Politics and the Fallacy of Treatment Policy

Fallacy of Treatment Policy - Freedom From Addiction

In the State of Florida, residents are thrilled that the Governor finally declared the opioid epidemic a Public Health Emergency. This great first step is a clear acknowledgment of the problem we have been seeing getting worse every day, and it can give the state access to $54 million for prevention, treatment, and recovery resources. The problem remains that this money might not go to the places where it can do the most good. It is unclear if this money will help individuals without insurance access treatment. At this time, there are very few public beds available for those suffering. Even in private facilities, of which South Florida especially has no shortage of, those who have insurance are given limited time in treatment to truly get the help that they need. What we do know is that there seems to be a lot of support for medication-assisted treatment (MAT). In this respect, the proposal allocates:

  • $17.7 million per year to pay for methadone and buprenorphine maintenance treatment (and associated counseling) for indigent, uninsured, and underinsured individuals with opioid use disorders.
  • $3.7 million per year to pay for VIVITROL, a medication that blocks the effects of opioids and helps prevent relapse to opioid dependence.
  • $140,400 per year for additional training on medication-assisted treatment and continuous quality improvement initiatives for peer support services.
  • $365, 182 per year to expand the Medication-Assisted Treatment Prescriber Peer Mentoring Project.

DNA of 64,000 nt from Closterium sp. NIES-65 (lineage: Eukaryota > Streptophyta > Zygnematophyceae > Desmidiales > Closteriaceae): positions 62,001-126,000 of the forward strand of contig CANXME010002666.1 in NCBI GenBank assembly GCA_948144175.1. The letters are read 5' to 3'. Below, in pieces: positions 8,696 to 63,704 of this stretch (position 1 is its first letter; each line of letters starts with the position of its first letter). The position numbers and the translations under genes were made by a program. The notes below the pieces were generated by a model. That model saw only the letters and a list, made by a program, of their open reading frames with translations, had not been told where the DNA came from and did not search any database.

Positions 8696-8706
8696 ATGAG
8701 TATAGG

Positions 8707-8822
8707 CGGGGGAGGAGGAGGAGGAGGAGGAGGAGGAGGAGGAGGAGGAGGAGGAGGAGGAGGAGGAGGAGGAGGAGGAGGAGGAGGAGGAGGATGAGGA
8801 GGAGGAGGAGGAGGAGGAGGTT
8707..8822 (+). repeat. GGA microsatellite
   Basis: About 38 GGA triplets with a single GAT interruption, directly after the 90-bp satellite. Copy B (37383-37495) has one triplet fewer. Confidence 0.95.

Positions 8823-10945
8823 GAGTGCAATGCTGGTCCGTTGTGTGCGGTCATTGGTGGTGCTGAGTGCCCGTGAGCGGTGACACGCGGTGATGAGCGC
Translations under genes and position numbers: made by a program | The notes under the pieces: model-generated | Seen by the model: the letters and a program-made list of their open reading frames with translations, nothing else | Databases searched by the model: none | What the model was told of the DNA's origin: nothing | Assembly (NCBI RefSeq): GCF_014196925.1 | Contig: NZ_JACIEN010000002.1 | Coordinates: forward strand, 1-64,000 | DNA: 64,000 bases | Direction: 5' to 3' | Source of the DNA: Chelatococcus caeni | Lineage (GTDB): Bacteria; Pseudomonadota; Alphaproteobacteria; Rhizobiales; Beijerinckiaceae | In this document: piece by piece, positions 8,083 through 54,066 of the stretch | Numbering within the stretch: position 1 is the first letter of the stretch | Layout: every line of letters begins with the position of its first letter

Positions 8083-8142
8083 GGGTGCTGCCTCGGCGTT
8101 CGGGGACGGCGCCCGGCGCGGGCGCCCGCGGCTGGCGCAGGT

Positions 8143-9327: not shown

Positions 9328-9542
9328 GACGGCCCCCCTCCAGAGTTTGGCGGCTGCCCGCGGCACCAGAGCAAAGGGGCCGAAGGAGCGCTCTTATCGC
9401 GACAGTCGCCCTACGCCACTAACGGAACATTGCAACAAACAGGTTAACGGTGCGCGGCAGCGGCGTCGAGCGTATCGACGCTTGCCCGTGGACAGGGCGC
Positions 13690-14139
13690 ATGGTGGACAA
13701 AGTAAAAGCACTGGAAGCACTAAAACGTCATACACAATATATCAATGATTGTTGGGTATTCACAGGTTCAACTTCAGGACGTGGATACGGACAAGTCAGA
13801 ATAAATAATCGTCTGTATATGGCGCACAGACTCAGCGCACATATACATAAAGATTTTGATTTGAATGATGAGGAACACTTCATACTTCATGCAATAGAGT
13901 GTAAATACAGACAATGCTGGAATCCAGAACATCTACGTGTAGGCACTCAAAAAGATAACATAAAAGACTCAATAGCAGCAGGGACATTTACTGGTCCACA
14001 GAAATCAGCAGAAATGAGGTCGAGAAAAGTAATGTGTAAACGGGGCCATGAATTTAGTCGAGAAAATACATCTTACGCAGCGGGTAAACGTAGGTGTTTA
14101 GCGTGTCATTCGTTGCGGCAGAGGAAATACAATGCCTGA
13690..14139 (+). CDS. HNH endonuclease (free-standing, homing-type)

Medication Assisted Treatment (MAT) is one good treatment option for those diagnosed with Opioid Use Disorder, but it is not the only treatment option. It is important for money to go towards comprehensive treatment which includes MAT but is not limited to it or only supportive of it. The proposal (which includes more than what was stated above) lacks support for intensive psychotherapy, increased public treatment beds, a continuum of care, treatment for co-morbid problems or diagnoses (both other substance use disorders and non-substance related mental illness), life skills and other re-integration support. We have an alcohol and substance use disorder problem in the United States! Until we put our time, energy, and money towards prevention, education, and adequate treatment, it will continue to get worse no matter what politicians say or where this money is allocated!

Dr. Rachel Needle has specialized training in the area of substance use disorders. She is a professional consultant to substance abuse facilities and assists them in expanding and enhancing clinical programming. Dr. Needle also does expert training on the topic of substance abuse, mental illness, and sexual health for staff members at residential and outpatient facilities that specialize in alcohol and substance use disorders.

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